Opposition Denies Links to Free VN Group

Members of the opposition Sam Rainsy Party charged intimidation against “corrupt politicians” for linking them to the anti-communist Free Vietnam group in a document bearing the party’s seal.

Government officials, however, asserted that no decision over the document’s truth or falsehood can be made until a full investigation is conducted.

The statement, titled “Coop­er­a­tion” and allegedly written from Bangkok in August, uses derogatory language toward Viet­namese and says the parties will bond together in a resistance movement to “demand back…territory seized by communists.”

It is dated just two weeks after a reputed Free Vietnam ringleader was arrested in northwestern Cambodia, allegedly by Phnom Penh officials who in the past have arrested and deported group operatives for assembling a military force on Cambodian soil.

Sam Rainsy Party cabinet chief Phi Thach said on Wednesday the statement was fabricated to “erode the prestige of the party.”

“Some people in government, they don’t want the Sam Rainsy Party to be strengthened. I’m quite sure of that,” Phi Thach said. Party founder and president Sam Rainsy is in Paris and was not available for a statement.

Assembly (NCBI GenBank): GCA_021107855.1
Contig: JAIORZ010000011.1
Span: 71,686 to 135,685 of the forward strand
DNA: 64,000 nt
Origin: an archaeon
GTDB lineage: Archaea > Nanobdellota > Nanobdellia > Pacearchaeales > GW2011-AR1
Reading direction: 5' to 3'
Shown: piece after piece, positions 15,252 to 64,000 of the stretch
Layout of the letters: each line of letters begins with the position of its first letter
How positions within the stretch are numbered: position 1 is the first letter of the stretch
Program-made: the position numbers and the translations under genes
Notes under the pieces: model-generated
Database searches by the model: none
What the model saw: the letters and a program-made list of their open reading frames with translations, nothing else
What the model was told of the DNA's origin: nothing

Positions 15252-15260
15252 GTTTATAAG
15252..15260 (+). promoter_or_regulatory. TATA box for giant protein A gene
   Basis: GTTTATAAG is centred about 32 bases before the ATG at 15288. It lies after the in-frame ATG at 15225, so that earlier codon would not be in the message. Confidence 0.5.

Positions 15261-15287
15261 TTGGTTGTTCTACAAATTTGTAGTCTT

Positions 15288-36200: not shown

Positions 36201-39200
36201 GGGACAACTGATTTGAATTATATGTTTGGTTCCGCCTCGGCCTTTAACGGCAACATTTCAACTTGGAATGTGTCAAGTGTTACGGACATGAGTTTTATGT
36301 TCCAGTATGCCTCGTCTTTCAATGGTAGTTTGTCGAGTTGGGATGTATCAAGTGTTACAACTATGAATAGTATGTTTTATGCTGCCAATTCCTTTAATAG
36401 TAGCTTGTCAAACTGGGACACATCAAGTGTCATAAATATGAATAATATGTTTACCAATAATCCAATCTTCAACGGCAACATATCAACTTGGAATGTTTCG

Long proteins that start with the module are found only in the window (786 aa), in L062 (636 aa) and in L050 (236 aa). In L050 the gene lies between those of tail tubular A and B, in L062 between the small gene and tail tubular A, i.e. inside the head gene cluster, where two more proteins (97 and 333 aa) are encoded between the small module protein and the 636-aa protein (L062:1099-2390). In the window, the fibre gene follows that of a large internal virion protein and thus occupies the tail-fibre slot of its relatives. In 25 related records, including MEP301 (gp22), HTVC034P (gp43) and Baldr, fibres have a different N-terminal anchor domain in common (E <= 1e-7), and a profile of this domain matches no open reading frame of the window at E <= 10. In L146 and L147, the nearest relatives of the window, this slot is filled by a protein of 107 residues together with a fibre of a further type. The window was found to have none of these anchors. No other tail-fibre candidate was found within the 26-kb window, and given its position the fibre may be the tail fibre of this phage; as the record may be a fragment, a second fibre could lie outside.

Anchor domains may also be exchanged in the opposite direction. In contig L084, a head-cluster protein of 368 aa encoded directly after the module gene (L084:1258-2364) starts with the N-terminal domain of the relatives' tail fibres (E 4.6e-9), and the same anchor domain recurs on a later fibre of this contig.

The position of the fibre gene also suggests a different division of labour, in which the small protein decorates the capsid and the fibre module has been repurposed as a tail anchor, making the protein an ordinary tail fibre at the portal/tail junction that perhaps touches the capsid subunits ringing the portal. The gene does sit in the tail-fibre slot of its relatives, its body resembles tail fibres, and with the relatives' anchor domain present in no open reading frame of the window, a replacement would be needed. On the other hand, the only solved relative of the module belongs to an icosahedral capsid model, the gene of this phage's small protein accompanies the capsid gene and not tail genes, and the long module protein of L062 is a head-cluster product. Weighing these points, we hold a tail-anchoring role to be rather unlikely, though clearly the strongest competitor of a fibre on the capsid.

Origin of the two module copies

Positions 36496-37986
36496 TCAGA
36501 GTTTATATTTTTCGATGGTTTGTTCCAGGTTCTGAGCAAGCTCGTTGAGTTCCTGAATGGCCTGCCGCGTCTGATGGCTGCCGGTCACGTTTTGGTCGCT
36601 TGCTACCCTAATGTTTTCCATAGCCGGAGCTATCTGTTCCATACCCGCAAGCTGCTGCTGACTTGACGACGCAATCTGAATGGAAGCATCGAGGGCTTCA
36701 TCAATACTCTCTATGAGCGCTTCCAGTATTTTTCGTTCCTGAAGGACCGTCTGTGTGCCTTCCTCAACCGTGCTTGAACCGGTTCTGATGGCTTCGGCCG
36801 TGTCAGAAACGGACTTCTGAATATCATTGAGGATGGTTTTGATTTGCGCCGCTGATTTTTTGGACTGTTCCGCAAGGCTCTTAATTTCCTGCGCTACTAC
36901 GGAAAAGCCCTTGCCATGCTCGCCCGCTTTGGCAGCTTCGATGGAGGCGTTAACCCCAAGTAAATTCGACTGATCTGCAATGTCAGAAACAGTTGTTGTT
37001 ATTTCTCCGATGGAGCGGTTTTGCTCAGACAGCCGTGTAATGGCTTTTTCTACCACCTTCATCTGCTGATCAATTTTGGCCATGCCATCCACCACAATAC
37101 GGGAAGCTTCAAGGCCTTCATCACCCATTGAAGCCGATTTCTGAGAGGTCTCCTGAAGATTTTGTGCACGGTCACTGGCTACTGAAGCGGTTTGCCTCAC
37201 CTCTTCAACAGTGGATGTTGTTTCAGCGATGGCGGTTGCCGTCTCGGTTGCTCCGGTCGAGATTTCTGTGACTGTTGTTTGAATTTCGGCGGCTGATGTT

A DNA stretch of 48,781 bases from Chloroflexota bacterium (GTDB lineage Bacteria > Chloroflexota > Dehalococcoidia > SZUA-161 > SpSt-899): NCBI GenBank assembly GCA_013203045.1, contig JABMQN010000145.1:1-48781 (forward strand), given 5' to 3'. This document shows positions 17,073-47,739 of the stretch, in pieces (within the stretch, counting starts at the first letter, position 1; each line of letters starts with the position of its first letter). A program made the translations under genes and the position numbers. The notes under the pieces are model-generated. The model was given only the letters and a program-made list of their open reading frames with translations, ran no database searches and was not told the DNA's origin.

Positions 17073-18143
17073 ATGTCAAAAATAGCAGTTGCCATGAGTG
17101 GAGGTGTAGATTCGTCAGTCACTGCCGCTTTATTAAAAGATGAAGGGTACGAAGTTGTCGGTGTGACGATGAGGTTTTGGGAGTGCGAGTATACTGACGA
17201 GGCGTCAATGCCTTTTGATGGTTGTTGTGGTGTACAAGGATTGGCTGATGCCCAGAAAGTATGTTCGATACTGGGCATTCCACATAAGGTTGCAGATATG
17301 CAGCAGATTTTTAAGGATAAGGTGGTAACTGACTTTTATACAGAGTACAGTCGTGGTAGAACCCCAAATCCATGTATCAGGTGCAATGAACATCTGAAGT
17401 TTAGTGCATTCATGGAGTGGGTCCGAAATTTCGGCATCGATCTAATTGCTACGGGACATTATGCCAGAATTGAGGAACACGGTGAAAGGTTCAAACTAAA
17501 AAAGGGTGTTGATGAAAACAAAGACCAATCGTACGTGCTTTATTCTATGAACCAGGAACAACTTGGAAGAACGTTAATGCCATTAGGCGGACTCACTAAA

His comments echoed a statement the party issued in Phnom Penh on Tuesday, arguing the “Cooperation” document falsified the party’s logo and seal and forged Sam Rainsy’s signature.

But Ministry of Interior spokes­man Khieu Sopheak said the investigation will not operate under the premise that the document is false.

“If it is true, then this country again will be led to war with its neighbor. If it is false, OK, no­body gets hurt,” he said, adding that an investigation of the document is underway.

The opposition’s allegations are the third in a recent line of charges that the party was intimidated by the government.

Late last week, Sam Rainsy parliamentarian Lon Phon was abducted by armed, uniformed men but released three days later. And last month, two party members clandestinely were arrested in connection with an alleged attempt in 1998 to assassinate Prime Minister Hun Sen. Since then, the two were appointed government lawyers and their party denied access to them.

This latest round is yet another “ridiculous attempt by a crooked politician to discredit the party,” Phi Thach said, not directly naming the subject of his scorn.

The party has, however, spoken out against the Vietnamese in the past, especially in the context of land disputes along the border. The anti-Hanoi group, reportedly led by a man named Nguen Huo Chanh and funded by Vietnamese-Americans, surfaced in Cambodia several years ago when roughly 30 of its members, some of them US citizens, were arrested in Cambodia and deported.

Although the government took credit for arrests in 1995 and 1996, officials deny the August arrest reported by eyewitnesses and confirmed by the office of the UN High Commissioner for Human Rights.

 

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